Carla, too, is so enamoured of her son she will do anything to protect him — even if that means selling his soul to keep him alive.

There are other recurring motifs — racehorses, a gold bikini and a stuffed toy mole — but what they mean is anybody’s guess.

Indeed, you could assign that same argument to the novella itself. It’s a wonderfully absurd and surreal tale, but there’s so much going on in it only the canniest of readers will understand it all. I read it in one sitting and find myself still trying to unpick it a week later…

1001 books, Author, Bloomsbury, Book review, Books in translation, Fiction, Javier Cercas, literary fiction, Publisher, Setting, Spain

‘Soldiers of Salamis’ by Javier Cercas

SoldiersofSalamis

Fiction – paperback; Bloomsbury Publishing; 224 pages; 2004. Translated from the Spanish by Anne McLean.

Soldiers of Salamis is one of those strange novels that blurs fact and fiction, so that the reader is never quite sure what is true and what is not. Such confusion is compounded by the author placing himself in the story as one of the major characters.

The book revolves around an incident that occurred in 1939 during the Spanish Civil War in which a prominent writer and fascist, Rafael Sanchez Mazas, escaped execution by firing squad. While on the run in the forest, Sanchez Mazas stumbles upon a soldier, who should have killed him but decides to turn and walk away instead. Who was this soldier and why did he make this decision?

Some 60 years later, these questions — and the botched execution — haunt a Spanish journalist, Javier Cercas, who decides to find out what really happened.

The first part of Soldiers of Salamis tells of Cercas’s investigation of the event; the second is the resultant biography of Rafael Sanchez Mazas based on the anecdotal evidence he has acquired; and the third is the journalist’s quest to track down the soldier, so that he can ask him why he chose to spare Sanchez Mazas’ life that fateful day.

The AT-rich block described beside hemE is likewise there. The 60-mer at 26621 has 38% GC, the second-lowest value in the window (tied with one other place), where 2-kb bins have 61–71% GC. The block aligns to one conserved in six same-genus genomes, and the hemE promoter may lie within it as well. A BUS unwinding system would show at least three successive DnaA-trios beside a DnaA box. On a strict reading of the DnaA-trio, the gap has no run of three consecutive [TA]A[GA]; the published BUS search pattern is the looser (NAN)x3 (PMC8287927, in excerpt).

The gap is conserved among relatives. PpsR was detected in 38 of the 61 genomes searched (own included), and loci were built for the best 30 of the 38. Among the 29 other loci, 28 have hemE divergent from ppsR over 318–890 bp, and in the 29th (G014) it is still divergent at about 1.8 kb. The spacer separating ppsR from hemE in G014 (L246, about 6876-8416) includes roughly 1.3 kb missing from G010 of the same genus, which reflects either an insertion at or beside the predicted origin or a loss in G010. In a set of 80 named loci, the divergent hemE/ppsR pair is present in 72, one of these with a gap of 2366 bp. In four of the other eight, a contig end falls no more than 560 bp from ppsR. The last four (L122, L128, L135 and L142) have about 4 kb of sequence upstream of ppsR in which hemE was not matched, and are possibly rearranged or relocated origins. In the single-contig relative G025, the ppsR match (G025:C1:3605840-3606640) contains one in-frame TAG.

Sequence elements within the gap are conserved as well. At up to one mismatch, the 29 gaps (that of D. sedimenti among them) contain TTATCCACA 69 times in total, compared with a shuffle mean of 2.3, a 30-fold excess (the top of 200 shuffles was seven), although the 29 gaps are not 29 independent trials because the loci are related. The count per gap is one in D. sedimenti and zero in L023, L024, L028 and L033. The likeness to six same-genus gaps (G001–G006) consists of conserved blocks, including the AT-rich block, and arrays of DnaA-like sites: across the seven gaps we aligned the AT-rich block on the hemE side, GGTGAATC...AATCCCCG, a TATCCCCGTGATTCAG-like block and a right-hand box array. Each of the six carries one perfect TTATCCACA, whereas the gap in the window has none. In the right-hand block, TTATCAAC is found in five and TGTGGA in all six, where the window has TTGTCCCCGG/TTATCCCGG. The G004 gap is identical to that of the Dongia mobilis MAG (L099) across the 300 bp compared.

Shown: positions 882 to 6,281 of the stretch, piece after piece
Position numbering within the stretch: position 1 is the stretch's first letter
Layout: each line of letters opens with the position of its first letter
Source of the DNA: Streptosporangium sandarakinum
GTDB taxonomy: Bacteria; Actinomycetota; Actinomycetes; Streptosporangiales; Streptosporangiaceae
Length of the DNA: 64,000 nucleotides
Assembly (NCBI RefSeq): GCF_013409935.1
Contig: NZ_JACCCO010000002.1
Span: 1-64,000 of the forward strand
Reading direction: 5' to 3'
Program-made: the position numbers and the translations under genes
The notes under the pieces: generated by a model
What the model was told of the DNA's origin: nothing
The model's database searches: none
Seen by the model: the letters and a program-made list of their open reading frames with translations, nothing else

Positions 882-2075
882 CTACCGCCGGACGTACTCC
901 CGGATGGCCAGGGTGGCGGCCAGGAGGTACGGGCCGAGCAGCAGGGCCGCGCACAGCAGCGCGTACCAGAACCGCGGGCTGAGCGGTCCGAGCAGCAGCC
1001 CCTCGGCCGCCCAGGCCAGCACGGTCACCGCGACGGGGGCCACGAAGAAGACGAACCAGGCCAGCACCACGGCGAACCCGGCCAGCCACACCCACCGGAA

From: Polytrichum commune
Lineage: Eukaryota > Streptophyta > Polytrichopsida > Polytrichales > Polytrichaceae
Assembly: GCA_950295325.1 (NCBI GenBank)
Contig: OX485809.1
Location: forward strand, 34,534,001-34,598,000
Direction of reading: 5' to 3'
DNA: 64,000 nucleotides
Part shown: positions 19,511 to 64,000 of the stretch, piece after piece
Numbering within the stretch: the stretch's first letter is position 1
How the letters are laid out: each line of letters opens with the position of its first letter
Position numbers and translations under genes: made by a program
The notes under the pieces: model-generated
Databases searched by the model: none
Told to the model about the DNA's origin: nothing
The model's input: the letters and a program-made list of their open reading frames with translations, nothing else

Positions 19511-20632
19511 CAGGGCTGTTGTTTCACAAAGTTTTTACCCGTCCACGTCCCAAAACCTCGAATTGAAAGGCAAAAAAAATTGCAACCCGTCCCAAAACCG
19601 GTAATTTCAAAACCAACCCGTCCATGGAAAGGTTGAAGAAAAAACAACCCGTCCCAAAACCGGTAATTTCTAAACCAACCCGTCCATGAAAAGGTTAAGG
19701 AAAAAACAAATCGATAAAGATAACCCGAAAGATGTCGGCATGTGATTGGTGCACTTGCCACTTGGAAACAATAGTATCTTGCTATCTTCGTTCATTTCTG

A complex ‘detective novel’

I struggled to really get to grips with this book. I had tried to read it three times previously and, on each occasion, I had not got past the first 30 pages. But I made a special effort this time around, if only because I was determined it would not get the better of me.

There’s no doubt that Soldiers of Salamis is an important and original detective novel. It’s an interesting, if weighty, read. It’s quite droll in places but punctuated by unexpected humour that lightens some of the darker moments.

But as much as I enjoyed the book’s themes — myth, memory, compassion, integrity and what makes a war hero — I found it too bogged down in detail (it is filled to the brim with historical references), not helped by my scant knowledge of the Spanish Civil War and its major players.

The translator’s afterword, which illuminates much of the events of that time, is, unfortunately, at the back of the book. (As strange as this might sound, if you chose to read Soldiers of Salamis I would recommend reading the afterword first, particularly if you’re not a Spanish Civil War buff.) Similarly, a series of explanatory notes at the back of the book would have been better placed as footnotes dotted throughout the text to aid reader comprehension.

Still, the Soldiers of Salamis, which won the Independent Foreign Fiction Prize in 2004, is not so difficult that you cannot gain some enjoyment from it. I found part three particularly exciting and raced through it at speed.